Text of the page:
Why Profitability Is The Only Way To Drive Net Zero

I’ve just finished running our Winning Margin Manufacturing Awareness course with a group of people involved largely in sustainability and net zero. During the course we introduce the option to invest for sustainability and to enable the business to move toward a net zero goal. At the end of the course, if I have done my job half well, the delegates realise why profitability is the only way to drive net zero.

At the beginning of the simulation delegates have a factory which is typical of so many we see. A mixture of efficient and productive modern equipment and processes with a low carbon footprint mixed with less good areas with higher carbon footprints. Delegates have to run their factory over a three years period taking into account such things as cash flow, profitability, growth, capital investment, sustainability, new product development and supply chain development. In order to run the company successfully they need to take all of these into consideration.

I don’t want to spoil the course for those of you who will be doing it in the future but, just like in real life, it is very difficult to achieve success in all of these areas. Just like in real life some decisions (particularly those affecting long term investment in a move to net zero) conflict with the short term profitability, cash flow and survival of the business.

What is really interesting is that once the delegates take “ownership” of the company their priorities change. One group last week who are involved in sustainability on a day to day business refused point blank to invest in the machine that would have the biggest positive effect on moving the company toward net zero as the short / medium term negative consequences on profitability and cash flow for the company were not good. Even when offered the opportunity of a grant and to borrow the rest of the money unsecured and at reasonable interest rates with no risk of the company going under due to guaranteed ongoing bank support they still took the less sustainable offer.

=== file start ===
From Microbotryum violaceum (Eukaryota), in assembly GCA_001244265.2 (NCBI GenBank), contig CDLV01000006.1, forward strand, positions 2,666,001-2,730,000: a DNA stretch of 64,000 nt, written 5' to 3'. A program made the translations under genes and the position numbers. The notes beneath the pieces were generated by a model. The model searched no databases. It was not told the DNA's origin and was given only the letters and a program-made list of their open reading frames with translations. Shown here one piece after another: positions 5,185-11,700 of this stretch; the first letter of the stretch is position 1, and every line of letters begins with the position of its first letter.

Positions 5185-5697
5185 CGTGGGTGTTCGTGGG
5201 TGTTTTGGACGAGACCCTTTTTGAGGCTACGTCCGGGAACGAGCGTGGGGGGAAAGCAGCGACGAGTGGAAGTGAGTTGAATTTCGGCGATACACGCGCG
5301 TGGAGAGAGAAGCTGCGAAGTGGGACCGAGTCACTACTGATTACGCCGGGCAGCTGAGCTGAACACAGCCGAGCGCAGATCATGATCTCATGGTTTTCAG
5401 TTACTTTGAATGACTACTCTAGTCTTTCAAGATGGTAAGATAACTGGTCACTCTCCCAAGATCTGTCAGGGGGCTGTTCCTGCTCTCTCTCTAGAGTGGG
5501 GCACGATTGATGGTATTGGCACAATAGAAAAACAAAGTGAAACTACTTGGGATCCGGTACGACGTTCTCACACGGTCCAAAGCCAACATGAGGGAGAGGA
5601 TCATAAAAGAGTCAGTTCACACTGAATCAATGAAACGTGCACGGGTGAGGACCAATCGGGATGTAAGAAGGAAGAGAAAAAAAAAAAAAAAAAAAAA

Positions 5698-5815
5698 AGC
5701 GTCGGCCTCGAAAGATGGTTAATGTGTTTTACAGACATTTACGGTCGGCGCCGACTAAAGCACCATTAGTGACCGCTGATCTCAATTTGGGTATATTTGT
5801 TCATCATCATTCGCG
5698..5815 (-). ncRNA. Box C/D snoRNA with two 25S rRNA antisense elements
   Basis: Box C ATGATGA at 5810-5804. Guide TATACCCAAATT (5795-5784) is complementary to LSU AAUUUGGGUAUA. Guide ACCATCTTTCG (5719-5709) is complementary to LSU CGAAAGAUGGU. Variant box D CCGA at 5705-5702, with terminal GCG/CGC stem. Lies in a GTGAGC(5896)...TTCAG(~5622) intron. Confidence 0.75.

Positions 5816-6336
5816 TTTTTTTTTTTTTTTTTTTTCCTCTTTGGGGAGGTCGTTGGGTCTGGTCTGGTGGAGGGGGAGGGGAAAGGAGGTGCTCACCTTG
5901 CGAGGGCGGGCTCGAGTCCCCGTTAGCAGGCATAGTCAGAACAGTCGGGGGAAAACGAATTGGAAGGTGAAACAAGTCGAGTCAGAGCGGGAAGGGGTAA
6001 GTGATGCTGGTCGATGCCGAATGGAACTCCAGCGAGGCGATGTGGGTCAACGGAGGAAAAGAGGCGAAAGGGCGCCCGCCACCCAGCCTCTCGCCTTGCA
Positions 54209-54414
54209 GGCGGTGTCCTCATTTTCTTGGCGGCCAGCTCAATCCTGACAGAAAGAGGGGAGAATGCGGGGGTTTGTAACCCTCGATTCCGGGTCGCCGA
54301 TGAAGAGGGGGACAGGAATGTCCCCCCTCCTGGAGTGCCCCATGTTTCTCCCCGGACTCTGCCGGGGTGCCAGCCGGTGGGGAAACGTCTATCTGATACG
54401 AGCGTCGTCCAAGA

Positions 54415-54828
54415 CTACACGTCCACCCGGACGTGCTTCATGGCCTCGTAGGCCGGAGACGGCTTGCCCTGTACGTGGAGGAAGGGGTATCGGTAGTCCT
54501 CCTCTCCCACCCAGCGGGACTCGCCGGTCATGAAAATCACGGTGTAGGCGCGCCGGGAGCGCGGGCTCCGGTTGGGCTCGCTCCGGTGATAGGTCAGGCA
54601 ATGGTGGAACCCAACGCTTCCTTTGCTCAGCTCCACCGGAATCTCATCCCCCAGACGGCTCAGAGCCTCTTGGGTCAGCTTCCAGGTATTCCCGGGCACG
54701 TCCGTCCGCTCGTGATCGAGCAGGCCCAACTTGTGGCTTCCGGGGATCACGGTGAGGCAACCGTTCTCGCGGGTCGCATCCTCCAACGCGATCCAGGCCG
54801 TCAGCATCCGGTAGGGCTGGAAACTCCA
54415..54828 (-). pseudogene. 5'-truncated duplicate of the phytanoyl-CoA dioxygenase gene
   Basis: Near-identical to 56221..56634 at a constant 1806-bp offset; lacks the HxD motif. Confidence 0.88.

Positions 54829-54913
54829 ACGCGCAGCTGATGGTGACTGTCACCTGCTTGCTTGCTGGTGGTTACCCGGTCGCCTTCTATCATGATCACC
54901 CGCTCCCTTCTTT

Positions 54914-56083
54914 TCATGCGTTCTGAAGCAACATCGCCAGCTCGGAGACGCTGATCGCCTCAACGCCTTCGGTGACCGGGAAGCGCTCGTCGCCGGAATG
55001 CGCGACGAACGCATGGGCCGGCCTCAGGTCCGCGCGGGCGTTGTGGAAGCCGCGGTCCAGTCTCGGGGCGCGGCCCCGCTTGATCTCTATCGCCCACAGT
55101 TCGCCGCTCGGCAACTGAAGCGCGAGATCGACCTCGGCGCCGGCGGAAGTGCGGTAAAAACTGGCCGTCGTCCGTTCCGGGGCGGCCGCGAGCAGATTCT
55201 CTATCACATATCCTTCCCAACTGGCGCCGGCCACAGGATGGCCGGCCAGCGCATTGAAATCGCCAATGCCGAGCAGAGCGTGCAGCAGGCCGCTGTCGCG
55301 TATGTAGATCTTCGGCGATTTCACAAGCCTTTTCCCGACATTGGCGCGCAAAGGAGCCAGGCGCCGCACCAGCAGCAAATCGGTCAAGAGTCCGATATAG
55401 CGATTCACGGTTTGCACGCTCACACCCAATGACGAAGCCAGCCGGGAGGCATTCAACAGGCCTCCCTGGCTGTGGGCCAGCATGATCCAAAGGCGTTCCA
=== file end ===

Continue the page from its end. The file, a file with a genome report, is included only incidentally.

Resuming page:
There is a lesson here and it’s an important one. If we genuinely want to move toward net zero in manufacturing, agriculture and also services we have to make it more profitable to go down the sustainable route than the less sustainable one. You can’t achieve this by simply putting up the price of the less sustainable way. We’ve seen that recently with the increase in energy prices. All you do is cause chaos and in the end have to subsidise. This has been the case with agriculture for years and I don’t think anyone is claiming environmental success there.

If government and companies are serious about going down the sustainable and net zero route then that has to be the most profitable way for both business and individuals.

I know some people will accuse me of taking a nasty capitalist view of this but the fact is that when the chips are down, apart from a few very idealistic individuals we all take the route that preserves or increases our current income levels and / or short term survival. The answer to net zero and sustainability is out there but we need to address the real long term problem of investment and short term grants. A few bob to instal a heat pump and an appeal to our better nature won’t do it. What will work is sustainable, net zero profitability.

If you want to discuss how we can help with your business, or if you are environment / net zero advisors or policy makers  then please Contact us and we will be happy to discuss things in more depth and / or run a net zero version of Winning Margin for your organisation.


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